Transmission and Epidemiology
of Oesophagostomum most likely occurs through fecal-oral routes.
transmission between humans is difficult to document, there is little
evidence that the parasite can be transmitted from person to person.
explanation is that transmission occurs primarily between animals, that contaminate the
soil with their infected feces, and people who accidentally ingest the
larvae in the soil.
Polderman and Anemana. "Human Oesophagostomiasis: A Regional Public
Health Problem in Africa." Parasitology Today. 1999. 15:129-139.
Like the other
nematodes, this parasite has no vector. Instead, it has a free-living
stage in the soil where eggs hatch and L1 develop into infective L3
harboring Oesophagostomum parasites which infect humans is
However, cattle, sheep, goats,
cows, wild pigs, and primates all have been identified as hosts for the
Laboratory experiments have
shown that this parasite has a high level of species specificity. it is
hypothesized that the most likely reservoir candidates are
Humans are an unlikely
reservoir. In most cases, the parasite is unable to complete its life
cycle since it cannot completely penetrate the intestinal wall. Consequently,
eggs are rarely found in the stool of infected people and so the eggs are
not passed to the soil.
The epidemiology of Oesophagostomum in humans is an interesting
phenomenon. Clinical cases are primarily localized to northern Togo and
Ghana, two countries located in West Africa. As indicated in the map
below, Ghana is the country outlined in purple and Togo is the country
outlined in green.
Map of West Africa. Ghana is
outlined in purple and Togo, adjacent to Ghana, is outlined in green. Map
borrowed from The World Fact Book.
Because the epidemiology of Oesophagostomum bifurcum is so
clinically relevant to the people living in these areas, many studies have
been carried out in order to elucidate the mode of transmission and the
reason why the parasite is located in these specific foci. Below is a
brief review of three epidemiological studies on Oesophagostomum
Oesophagostomum infection in northern Togo and Ghana: epidemiological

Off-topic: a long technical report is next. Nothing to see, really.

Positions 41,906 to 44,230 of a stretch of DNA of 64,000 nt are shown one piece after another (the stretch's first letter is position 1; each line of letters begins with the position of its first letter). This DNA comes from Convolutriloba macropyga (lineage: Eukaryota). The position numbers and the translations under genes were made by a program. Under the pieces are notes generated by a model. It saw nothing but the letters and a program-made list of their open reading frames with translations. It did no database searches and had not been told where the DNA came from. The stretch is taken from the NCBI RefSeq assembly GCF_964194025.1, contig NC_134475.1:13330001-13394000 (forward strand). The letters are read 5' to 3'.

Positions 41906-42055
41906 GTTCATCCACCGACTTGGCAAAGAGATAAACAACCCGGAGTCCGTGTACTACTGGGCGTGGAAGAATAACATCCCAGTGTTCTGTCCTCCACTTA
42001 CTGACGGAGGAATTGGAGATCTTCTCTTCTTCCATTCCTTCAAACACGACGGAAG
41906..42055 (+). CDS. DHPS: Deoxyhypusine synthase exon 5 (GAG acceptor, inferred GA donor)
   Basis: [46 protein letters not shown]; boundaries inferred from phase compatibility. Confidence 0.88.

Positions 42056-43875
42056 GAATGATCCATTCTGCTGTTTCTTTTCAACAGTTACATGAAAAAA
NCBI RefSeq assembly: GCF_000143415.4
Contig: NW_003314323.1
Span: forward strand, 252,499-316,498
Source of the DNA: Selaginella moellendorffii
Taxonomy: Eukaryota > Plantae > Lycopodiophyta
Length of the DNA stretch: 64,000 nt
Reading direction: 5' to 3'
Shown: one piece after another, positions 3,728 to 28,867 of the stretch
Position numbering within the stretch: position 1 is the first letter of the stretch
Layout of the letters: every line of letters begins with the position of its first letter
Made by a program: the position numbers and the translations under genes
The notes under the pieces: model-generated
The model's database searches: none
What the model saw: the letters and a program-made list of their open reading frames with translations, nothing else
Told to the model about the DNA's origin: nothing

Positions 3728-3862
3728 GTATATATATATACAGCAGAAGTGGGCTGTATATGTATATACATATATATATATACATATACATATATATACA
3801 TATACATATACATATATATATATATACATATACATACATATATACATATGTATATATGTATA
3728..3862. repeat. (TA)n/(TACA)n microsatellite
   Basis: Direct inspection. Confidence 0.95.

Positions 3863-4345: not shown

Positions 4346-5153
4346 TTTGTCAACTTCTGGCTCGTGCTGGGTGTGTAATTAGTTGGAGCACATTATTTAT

aspects." By: Krepel
et al. Annals of Tropical Medicine and Parasitology.1992.
A regional survey of O. bifurcum
was carried out in
Togo and Ghana. The parasite was found in 38 of the 43 villages surveyed,
with the highest prevalence rates reaching 59% in some small, isolated
villages. Infection was found to be positively correlated with hookworm
infection; however, the difficulty in distinguishing these parasites may
have had some confounding effect. Infection rates were low in children
under 3 years of age, beyond that, rates of infection increased
dramatically until 10 years of age. Interestingly, females showed higher
prevalence of infection (34%)than men (24%). Based on these
epidemiological studies, this group was ale to conclude that tribe,
profession, or religion had no effect on the prevalence of infection in
the different communities surveyed. They explain the association between
O. bifurcum infection and Necator americanus infection by
suggesting that these two parasites live in a similar type of environment
and have a similar life cycle and route of infectivity. This explanation
is not satisfying, however, because Necator americanus is
distributed throughout the world while O. bifurcum is very
localized. The habitats and life cycle of this parasite do not explain
"Clinical epidemiology and
classification of human oesophagostomiasis." By: P.A. Storey et al.
Trans R Soc Trop Med Hyg. 2000. 94:177-182.
The study investigated the clinical epidemiology of
observing 156 cases in the Nalerigu hospital between 1996-1998. About 1
patient/week presented with this disease over the course of two years and
1% of all surgeries carried out were related to oesophagostomiasis. 13%
of the patients presented with the multinodular form of the disease in
which they had several nodules in their small intestine, abdominal pain,
diarrhea, and weight loss. The other 87% of the patients presented with
the Dapaong, or single, tumor form of the disease that was associated
with inflammation in the abdomen, fever, and pain. This study also
reported on the improved treatment of this disease that resulted when
ultrasounds began to be used for detection and disease assessment, instead
of performing invasive surgery. They also note that treatment with
Albendazole has decreased the need for surgery.
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